Tuesday, January 20, 2015

Teach or Perish

The Chronicle of Higher Education
January 19th, 2015

My undergraduates’ career plans are a peculiar mix of naked ambition and hair-shirt altruism. If they pursue investment banking, they do so not merely to make money. Rather, they wish to use their eventual wealth to distribute solar light bulbs to every resident of a developing nation. They’ll apply to the finest law schools in hopes of some day judging war criminals at The Hague. Countless want to code. They dream of engineering an app that will make tequila flow out of thin air into your outstretched shot glass. My students, I suspect, are receiving their professional advice from a council of emojis.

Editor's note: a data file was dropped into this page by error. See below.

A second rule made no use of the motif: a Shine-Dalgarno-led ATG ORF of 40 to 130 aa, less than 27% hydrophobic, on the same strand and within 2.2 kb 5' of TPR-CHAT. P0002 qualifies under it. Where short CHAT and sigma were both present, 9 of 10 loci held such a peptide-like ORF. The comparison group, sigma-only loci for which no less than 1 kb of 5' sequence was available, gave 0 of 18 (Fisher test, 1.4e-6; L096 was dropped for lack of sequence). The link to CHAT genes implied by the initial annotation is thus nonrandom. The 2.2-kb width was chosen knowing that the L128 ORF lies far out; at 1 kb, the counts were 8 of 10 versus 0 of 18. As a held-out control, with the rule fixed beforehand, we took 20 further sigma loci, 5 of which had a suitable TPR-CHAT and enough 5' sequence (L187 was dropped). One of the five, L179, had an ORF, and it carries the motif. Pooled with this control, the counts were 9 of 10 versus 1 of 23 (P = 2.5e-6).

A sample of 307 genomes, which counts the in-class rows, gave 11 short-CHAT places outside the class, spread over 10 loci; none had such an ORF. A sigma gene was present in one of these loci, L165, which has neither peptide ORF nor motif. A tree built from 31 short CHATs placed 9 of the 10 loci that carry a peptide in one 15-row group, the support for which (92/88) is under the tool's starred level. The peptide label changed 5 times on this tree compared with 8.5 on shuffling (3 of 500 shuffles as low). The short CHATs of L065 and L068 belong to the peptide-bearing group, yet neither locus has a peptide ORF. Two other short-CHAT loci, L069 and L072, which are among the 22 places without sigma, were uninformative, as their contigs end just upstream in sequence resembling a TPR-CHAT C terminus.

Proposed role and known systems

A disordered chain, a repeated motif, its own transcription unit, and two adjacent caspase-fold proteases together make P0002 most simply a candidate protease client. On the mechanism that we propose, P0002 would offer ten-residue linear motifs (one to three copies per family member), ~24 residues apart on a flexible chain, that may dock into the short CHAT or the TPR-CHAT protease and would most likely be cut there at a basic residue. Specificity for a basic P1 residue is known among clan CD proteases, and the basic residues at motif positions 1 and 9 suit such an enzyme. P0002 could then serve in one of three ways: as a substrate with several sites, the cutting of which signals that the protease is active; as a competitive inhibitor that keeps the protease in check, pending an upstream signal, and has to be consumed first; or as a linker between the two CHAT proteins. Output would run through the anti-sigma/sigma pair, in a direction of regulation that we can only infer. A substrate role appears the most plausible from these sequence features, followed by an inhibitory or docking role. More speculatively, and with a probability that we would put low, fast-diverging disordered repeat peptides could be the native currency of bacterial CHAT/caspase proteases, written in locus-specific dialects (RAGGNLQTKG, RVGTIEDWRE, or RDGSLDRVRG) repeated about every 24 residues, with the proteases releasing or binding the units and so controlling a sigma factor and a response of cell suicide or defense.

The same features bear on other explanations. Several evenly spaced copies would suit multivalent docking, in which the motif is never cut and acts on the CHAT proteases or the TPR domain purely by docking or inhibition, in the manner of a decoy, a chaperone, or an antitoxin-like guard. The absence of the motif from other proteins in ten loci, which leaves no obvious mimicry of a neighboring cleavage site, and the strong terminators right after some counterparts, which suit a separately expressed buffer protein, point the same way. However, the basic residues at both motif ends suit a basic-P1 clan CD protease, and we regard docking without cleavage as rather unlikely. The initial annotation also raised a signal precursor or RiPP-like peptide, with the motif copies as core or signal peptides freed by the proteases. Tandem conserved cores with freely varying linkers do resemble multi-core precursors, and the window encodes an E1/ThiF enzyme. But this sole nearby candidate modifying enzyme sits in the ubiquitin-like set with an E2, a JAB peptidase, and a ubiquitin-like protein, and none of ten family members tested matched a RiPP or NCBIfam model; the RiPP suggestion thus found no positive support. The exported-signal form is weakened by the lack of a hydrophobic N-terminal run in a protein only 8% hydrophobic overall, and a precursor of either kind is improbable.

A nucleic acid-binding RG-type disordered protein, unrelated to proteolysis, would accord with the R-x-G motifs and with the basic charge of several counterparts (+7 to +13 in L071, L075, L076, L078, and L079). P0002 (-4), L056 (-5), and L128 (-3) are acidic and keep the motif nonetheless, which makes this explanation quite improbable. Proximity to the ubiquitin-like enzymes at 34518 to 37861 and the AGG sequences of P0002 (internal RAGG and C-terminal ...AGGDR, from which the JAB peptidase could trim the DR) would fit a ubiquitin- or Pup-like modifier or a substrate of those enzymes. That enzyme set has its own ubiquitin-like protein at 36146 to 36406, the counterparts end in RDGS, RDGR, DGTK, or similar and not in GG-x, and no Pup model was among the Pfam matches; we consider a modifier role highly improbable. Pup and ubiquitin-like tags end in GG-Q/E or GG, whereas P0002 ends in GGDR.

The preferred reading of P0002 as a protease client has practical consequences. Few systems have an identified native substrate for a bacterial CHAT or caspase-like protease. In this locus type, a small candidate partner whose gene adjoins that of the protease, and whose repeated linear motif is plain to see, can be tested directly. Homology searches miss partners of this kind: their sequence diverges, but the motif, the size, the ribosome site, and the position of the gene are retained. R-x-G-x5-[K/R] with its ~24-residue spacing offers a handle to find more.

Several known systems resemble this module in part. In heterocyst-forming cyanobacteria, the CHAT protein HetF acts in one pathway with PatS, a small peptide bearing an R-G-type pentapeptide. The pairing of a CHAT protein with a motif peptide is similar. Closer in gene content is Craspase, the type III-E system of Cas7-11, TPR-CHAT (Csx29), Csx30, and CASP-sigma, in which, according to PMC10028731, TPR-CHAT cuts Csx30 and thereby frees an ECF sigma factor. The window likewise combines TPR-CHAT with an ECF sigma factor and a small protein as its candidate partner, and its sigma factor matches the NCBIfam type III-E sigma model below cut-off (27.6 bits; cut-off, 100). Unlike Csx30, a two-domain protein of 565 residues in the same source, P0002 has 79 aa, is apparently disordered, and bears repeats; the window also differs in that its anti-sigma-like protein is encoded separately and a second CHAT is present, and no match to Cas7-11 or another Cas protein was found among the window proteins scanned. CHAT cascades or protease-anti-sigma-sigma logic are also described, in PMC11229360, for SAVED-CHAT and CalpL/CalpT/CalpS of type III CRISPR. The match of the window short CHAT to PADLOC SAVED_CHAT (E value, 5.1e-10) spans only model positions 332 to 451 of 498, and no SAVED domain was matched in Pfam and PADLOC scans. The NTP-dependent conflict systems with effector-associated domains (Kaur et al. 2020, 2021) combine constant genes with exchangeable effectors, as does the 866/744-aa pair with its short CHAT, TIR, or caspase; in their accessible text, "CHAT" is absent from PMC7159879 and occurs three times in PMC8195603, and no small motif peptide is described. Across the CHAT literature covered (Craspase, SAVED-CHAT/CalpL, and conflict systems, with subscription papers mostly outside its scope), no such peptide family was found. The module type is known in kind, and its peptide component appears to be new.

There is one occupation, however, that rarely figures in their reveries. Few of these kids hanker to become professors. Maybe that’s because undergraduates no longer believe that the university is where the life of the mind is lived. Or perhaps they are endowed with acute emotional intelligence; they intuit that their instructors are sort of sad and broken on the inside. It’s also possible that the specter of entombing oneself in a study carrel does not appeal to them.

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